Urbanisation is a national project. However, the central government has provided limited financial support for it, leaving the job mostly to local governments, who as things stand can hardly service outstanding debts, estimated at 10-20 trillion yuan (20-40 per cent of GDP). Pending reforms in municipal finances, they cannot afford such a burden.
A centrally co-ordinated funding programme could look to:
* Increase fiscal income. In addition to taxing the rich and profitable corporations, a range of taxes may be considered, such as rates, capital gains, goods and services, and inheritance. To become urban citizens, migrants may be required to pay an additional social service tax for a time.
* Monetise state assets. The government could raise capital by further privatisation of profitable state-owned enterprises. Stakes could be injected into mutual funds, to be allocated in small lots to a wide base of citizens. This would provide good outlets to digest excessive liquidity and share prosperity with the people - making state firms genuinely publicly owned.
* Enforce employers' contributions. By law, employers are required to contribute to social security funds for workers. In practice, it is not well enforced. A national provident fund authority could be set up to strictly enforce employers' contributions. This central authority may also better co-ordinate the imbalanced social security funds across regions.
* Redirect rural land value. Rural land has been expropriated by local government at low cost to fund the upgrades and expansion of cities. As property rights for rural land are clarified, the value may be redirected from local governments to rural people. For example, after local and central government taxes, the full market value of rural land can accrue to farmers, subject to a cap per head, with the rest going to a national urbanisation fund.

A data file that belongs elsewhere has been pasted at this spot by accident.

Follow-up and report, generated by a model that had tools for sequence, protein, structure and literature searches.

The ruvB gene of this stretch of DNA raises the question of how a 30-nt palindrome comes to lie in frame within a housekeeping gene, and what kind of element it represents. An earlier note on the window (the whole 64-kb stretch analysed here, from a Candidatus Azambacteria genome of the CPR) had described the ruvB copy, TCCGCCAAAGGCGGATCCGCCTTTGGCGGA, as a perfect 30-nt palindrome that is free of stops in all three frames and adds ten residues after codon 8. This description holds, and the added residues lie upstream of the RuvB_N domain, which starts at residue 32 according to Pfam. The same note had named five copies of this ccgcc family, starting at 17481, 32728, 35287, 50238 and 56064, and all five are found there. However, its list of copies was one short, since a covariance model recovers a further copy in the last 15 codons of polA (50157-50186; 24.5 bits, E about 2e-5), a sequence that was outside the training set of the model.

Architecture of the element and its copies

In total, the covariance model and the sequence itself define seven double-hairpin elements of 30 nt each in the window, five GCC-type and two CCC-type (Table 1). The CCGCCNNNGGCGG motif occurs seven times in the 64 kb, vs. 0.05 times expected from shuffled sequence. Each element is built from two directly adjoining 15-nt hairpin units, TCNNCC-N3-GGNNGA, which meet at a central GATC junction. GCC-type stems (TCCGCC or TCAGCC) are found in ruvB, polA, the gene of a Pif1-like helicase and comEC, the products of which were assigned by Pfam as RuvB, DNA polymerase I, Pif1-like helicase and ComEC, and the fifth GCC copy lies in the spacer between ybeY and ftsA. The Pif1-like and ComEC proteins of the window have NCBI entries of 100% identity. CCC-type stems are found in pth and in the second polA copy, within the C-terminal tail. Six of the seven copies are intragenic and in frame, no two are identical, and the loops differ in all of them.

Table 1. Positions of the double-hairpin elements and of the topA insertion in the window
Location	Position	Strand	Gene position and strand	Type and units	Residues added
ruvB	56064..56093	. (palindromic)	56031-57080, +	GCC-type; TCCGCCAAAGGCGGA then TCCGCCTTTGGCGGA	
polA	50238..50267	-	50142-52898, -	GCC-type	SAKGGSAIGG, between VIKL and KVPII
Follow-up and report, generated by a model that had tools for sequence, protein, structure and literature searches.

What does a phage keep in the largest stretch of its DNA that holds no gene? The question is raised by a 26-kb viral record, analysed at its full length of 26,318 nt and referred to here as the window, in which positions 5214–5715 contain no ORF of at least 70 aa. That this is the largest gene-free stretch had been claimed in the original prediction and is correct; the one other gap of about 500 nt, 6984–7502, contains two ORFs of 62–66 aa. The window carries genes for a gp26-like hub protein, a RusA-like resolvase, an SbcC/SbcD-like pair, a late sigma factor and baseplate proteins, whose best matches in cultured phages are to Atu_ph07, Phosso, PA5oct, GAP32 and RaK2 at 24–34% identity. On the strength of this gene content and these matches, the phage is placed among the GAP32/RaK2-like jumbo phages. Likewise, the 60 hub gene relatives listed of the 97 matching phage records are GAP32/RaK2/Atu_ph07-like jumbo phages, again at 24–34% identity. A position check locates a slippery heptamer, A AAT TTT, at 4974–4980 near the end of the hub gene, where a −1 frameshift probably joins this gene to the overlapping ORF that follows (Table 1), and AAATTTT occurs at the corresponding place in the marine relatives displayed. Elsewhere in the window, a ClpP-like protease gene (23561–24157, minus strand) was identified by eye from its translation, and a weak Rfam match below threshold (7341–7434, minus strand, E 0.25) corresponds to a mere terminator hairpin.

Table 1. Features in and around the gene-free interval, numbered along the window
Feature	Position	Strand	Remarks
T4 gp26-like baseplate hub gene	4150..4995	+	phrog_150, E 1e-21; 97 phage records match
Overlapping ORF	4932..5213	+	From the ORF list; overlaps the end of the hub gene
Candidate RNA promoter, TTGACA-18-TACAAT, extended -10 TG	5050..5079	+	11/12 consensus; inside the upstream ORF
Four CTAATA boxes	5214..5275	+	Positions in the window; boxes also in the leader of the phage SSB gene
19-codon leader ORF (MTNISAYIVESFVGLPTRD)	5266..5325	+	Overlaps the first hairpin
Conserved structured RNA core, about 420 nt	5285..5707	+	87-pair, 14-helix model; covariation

* Increase the budget deficit. Even if other measures are effectively implemented, there may still be a funding gap. China might need to increase its budget deficit to about 5 per cent of GDP for a time. Such a deficit would moderate over time as GDP grows. Such a deficit may be partly financed by municipal bonds.
With funding from these initiatives, Beijing could drive urbanisation through subsidies or direct management of certain programmes such as public housing. Importantly, the social programmes must be well managed to avoid the dissipation of funds in transfer leakages or local inefficiencies.
China's growth will be driven by domestic consumers, importantly for services. As urban citizens, the hitherto rural people will become full consumers. Thus, investments in social services will have a strong multiplier effect on the economy.
Properly structured, China can fund urbanisation with urbanisation. Migrant workers will pay their fair share of the costs of becoming urban citizens through taxes, social security contributions and consumption, let alone the labour surplus.